Their pathway in to mapping a 3D cloud was the striations (wispy stripe-like patterns) they detected within the cloud. They show that these striations form by the excitation of fast magnetosonic waves (longitudinal magnetic pressure waves) – the cloud is vibrating, like a bell ringing after it has been struck.
“What we have actually found is that the entire cloud oscillates just like waves on the surface of a pond,” he wrote in his email.
“However, in this instance is not the surface of the water that is oscillating but the magnetic field that is threading the cloud. Furthermore, because these waves get trapped, they act like a fingerprint. They are unique and by studying their frequencies we can deduce the sizes of the boundaries that confined them.
“It is the same concept as a violin and a cello making very different sounds. In a similar fashion, clouds with different shapes and sizes will vibrate differently. After having identify the frequencies of these oscillations we scaled them to the frequency range of human hearing to get the ‘song of Musca’!”
By analyzing the frequencies of these waves the authors produce a model of the cloud, showing that Musca is not a long, thin filament as once thought, but rather a vast sheet-like or pancake structure that stretches 20 light-years away from Earth. (The cloud is some 27 light 490 and 650 light-years from Earth.)
With the determination of its 3D nature, the scientists modeled a cloud that is ten times more spacious than earlier thought.
From the 3D reconstruction, the authors were able to determine the cloud’s density. Tritsis and Tassis note that, with its geometry now determined, Musca can be used to test theoretical models of interstellar clouds.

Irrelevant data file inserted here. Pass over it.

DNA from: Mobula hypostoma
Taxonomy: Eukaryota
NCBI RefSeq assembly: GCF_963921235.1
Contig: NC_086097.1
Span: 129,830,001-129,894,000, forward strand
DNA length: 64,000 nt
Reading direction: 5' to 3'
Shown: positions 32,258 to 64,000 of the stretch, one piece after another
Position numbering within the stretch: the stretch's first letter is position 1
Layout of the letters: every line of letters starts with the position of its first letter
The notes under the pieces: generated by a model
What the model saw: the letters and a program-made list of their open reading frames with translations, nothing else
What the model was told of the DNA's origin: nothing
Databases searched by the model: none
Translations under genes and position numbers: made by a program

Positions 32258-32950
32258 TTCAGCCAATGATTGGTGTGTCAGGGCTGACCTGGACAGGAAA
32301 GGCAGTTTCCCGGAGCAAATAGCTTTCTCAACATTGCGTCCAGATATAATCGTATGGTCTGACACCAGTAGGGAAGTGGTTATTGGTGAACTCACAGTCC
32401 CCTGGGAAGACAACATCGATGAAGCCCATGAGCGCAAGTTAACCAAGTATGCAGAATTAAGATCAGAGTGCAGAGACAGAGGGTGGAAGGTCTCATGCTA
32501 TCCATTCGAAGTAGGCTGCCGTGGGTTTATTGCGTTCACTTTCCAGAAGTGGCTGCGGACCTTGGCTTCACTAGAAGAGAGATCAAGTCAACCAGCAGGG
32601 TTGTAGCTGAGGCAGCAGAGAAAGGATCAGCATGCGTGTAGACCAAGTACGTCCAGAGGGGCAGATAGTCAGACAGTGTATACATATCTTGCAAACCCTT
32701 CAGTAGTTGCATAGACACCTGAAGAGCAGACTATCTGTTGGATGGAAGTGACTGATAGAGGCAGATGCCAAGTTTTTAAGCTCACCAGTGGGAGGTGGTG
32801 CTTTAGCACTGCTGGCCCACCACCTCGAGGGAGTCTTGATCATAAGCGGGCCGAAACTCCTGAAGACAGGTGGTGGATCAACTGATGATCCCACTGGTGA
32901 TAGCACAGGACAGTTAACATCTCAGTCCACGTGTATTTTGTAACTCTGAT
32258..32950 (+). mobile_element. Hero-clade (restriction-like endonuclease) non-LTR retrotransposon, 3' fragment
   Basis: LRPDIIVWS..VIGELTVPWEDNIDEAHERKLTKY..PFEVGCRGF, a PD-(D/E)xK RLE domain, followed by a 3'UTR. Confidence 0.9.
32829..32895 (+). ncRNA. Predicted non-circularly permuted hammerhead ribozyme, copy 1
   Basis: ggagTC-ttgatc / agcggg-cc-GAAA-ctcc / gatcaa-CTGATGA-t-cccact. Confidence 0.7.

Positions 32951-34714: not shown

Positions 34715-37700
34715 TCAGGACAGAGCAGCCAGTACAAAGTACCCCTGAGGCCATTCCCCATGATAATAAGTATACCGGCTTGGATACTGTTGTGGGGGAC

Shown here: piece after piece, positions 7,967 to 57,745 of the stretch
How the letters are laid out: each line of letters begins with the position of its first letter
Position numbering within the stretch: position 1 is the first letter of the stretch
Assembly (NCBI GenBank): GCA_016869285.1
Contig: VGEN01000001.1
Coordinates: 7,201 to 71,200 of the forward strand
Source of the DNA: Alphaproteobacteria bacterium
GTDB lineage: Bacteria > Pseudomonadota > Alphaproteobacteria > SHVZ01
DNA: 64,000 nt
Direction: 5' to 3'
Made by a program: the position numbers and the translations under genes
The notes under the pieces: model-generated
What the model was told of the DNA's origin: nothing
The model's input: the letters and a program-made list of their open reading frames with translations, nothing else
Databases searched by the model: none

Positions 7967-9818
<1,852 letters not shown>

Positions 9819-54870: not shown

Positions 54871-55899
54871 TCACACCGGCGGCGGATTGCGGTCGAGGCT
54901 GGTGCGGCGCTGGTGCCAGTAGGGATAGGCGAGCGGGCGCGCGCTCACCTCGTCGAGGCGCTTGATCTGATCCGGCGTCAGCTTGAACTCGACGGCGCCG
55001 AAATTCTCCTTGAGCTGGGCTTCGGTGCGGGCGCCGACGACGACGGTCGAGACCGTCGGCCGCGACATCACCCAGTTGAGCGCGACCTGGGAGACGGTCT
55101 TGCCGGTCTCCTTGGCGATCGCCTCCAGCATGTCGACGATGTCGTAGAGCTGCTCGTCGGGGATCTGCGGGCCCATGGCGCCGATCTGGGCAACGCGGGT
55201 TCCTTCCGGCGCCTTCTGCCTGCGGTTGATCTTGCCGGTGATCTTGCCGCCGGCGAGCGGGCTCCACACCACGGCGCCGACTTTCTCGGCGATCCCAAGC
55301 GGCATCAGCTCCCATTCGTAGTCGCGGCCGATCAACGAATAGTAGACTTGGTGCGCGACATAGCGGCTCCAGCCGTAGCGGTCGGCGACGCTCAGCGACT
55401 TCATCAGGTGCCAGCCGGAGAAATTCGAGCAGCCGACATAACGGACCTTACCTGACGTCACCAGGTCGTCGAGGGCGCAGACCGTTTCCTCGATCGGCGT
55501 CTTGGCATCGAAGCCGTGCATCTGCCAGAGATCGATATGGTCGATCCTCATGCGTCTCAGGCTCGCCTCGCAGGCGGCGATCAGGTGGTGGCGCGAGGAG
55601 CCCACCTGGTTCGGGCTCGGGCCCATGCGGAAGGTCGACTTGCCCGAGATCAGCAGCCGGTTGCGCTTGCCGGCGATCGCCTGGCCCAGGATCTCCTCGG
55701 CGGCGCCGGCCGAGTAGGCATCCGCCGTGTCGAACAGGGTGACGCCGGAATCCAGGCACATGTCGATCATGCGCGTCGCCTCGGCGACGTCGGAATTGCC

“Because of the fact that Musca is isolated and it is very ordered, it was the obvious choice for us to test our method,” Tritis wrote. “However, other clouds out there could also vibrate globally.
“Knowing the exact dimensions of Musca, we can simulate it in great detail, calculate many different properties of this particular cloud based on different star formation models, and compare them with observations.
“We believe that, with its 3D structure revealed, Musca will now act as a prototype laboratory to study star formation in greater detail than ever before. The Musca star formation saga is only now beginning, and this is a very exciting development that goes beyond this particular discovery.”
And in that way, the discovery is very much a part of the long and broad sweep of astrobiology.
Marc Kaufman is the author of two books about space: “Mars Up Close: Inside the Curiosity Mission” and “First Contact: Scientific Breakthroughs in the Search for Life Beyond Earth.” He is also an experienced journalist, having spent three decades at The Washington Post and The Philadelphia Inquirer. He began writing the column in October 2015, when NASA’s NExSS initiative was in its infancy. While the “Many Worlds” column is supported and informed by NASA’s Astrobiology Program, any opinions expressed are the author’s alone.